If no formal complaints have been made or the issue is ‘bad but not that bad’, then having regular opportunities for the Office Whinger to air their complaints to the appropriate members of the organisation and in a constructive manner may curb their need to complain or lash out at other times.
Use your appraisals
Another way in which to deal with a ‘problem employee’ is to discuss your concerns in appraisals. This can be done in a constructive way, without the formality of a disciplinary process. Using the ‘compliment sandwich’ usually helps to soften the blow of the criticism e.g,
“your work is very good and we’re very appreciative of your help on X project, but I have seen at times your interactions with others have been negative. For example (N.B. always use examples where you can), I noticed you shout at Brian the other day when he asked you for a pen. He seemed very upset by that. I would not want such interactions to distract from your excellent work.”
Sometimes the issue may not be one moody employee but simply two or more employees who don’t get along. Such clashes can be hugely disruptive to the rest of the workforce and the business as a whole. In this case, the first solution I would suggest would be workplace mediation in which an independent third party attempts to facilitate a resolution between the employees involved.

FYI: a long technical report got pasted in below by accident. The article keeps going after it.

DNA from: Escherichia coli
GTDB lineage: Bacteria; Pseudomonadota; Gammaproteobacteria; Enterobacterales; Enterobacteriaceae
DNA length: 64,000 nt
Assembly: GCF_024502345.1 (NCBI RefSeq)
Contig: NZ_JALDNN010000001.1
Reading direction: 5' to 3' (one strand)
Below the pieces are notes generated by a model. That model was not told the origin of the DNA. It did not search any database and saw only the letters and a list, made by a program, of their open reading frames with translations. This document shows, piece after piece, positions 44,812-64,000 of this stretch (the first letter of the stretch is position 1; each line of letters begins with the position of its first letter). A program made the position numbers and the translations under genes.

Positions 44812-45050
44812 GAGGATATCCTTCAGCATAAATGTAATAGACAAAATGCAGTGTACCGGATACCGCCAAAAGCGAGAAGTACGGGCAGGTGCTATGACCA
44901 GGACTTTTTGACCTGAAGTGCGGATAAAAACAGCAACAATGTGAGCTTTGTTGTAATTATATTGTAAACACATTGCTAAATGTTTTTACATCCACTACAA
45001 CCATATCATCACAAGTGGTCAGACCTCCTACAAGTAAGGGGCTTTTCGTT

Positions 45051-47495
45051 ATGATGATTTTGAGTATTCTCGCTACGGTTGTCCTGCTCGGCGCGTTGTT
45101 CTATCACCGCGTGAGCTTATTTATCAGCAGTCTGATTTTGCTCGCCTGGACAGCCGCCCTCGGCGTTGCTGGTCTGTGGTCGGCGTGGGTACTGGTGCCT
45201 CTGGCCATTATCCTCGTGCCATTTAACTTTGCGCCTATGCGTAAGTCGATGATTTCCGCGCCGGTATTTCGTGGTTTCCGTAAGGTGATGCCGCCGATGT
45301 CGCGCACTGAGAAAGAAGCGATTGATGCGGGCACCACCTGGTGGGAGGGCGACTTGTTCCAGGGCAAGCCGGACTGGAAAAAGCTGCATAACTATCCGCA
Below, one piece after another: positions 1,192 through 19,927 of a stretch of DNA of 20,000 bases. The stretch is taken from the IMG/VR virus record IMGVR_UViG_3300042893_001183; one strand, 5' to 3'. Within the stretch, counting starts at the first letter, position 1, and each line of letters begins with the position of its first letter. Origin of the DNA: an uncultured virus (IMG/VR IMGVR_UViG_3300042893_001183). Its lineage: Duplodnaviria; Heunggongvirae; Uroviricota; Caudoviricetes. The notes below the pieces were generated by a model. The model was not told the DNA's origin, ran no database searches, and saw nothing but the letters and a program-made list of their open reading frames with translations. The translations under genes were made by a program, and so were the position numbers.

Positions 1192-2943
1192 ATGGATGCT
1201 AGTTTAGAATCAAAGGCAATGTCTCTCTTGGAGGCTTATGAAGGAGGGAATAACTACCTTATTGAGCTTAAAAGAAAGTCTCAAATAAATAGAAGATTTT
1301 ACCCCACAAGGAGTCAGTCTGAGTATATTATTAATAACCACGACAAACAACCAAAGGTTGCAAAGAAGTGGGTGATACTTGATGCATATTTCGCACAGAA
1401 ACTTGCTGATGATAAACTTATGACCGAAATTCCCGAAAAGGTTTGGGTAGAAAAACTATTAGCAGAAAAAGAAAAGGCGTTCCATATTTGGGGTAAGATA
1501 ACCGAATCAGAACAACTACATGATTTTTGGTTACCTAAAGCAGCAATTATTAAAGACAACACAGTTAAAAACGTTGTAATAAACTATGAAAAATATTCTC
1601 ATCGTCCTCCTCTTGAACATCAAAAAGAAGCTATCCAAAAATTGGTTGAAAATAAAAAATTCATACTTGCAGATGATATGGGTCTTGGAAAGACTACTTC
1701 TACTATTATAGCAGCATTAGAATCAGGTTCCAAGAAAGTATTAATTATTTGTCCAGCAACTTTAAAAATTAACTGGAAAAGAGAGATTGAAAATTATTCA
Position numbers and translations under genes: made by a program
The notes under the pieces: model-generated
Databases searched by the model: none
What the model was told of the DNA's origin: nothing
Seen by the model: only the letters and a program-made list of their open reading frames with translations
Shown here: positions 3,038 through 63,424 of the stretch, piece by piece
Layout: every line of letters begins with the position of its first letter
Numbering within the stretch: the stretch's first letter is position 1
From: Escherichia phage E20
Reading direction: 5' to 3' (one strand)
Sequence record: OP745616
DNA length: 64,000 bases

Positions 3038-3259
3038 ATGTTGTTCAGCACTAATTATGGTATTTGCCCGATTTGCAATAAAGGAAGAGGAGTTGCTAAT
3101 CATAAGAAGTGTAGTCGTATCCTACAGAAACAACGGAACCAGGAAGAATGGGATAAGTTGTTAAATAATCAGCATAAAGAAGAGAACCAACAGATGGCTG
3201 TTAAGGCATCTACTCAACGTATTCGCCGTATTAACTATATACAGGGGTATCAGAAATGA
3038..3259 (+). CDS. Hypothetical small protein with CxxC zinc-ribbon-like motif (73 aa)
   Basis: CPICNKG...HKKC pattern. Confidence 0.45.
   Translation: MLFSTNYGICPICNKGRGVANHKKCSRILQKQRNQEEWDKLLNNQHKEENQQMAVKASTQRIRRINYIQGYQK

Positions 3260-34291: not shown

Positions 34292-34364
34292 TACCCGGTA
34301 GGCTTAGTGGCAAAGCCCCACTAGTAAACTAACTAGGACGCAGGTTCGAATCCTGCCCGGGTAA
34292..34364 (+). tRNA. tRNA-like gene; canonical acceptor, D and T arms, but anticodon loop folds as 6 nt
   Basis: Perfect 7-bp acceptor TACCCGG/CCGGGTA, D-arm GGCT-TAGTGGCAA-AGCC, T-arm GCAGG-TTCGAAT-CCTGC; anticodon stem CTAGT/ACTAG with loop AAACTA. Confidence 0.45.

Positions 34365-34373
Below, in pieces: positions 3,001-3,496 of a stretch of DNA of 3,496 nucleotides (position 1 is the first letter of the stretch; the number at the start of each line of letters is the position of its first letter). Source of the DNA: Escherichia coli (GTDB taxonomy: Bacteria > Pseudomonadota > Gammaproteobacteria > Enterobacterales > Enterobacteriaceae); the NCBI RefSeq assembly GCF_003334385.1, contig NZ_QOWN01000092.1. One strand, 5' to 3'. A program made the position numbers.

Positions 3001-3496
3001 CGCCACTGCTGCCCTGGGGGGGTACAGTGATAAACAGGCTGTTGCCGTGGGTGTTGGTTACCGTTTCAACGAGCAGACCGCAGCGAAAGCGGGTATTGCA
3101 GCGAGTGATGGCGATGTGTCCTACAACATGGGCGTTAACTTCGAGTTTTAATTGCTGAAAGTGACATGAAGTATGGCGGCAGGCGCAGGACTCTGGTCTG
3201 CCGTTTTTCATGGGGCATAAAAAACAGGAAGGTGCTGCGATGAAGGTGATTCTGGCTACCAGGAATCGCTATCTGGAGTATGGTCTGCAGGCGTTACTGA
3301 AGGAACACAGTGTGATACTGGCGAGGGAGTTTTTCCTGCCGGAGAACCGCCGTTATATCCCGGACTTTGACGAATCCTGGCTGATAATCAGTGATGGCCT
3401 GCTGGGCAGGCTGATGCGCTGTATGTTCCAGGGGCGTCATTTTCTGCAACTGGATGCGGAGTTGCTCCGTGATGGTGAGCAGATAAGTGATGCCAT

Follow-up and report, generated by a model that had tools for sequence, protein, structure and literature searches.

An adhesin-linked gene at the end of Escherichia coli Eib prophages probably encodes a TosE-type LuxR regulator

If no resolution is possible, it may be possible to dismiss one or both employees. This should, however be a last resort and a tribunal would need to be satisfied that the conflict was causing substantial disruption to the business, and that alternatives to dismissal had been exhausted.
Don’t reward bad behaviour
Difficult employees are often ones who shout the loudest, and as a result often get the most attention. If one employee is constantly saying how busy they are, even if they’re not busier than anyone else, the discussion around pay-review time may revolve around how hard they’re working. This can be demotivating for the rest of your team. This is part of the reason it is so important to assess whether the complaints are genuine, for example if the complaint is about workload, do they actually have more on than anyone else?
It may also be tempting to try and ‘head off the problem’ by telling the employee about new innovations before anyone else to get them to buy into it rather than complaining. However, again for the rest of your staff, this is going to seem like special treatment.
If the complaints are genuine, try not to give special treatment to difficult members of staff rather than dealing with the issue in a constructive manner.
So what if you’re well beyond a single, difficult employee or small group of whingers? For some businesses, constant complaints, sniping at each other and general bad attitudes can become so pervasive that it becomes the workplace culture. This can lead to difficulty retaining good staff, and an impact of productivity. In some extreme cases, it may cause reputational damage.
Unfortunately there is no quick solution here. You would need to conduct a cultural review to assess the issue as well as define what you want to culture of the business to be. It is then a long process of slowly working towards that by changing attitudes, dealing with ‘bad apples’ and making good hiring decisions.
If you have any queries regarding employment issues, please do not hesitate to give Charlotte Braham a call on 01494 893529.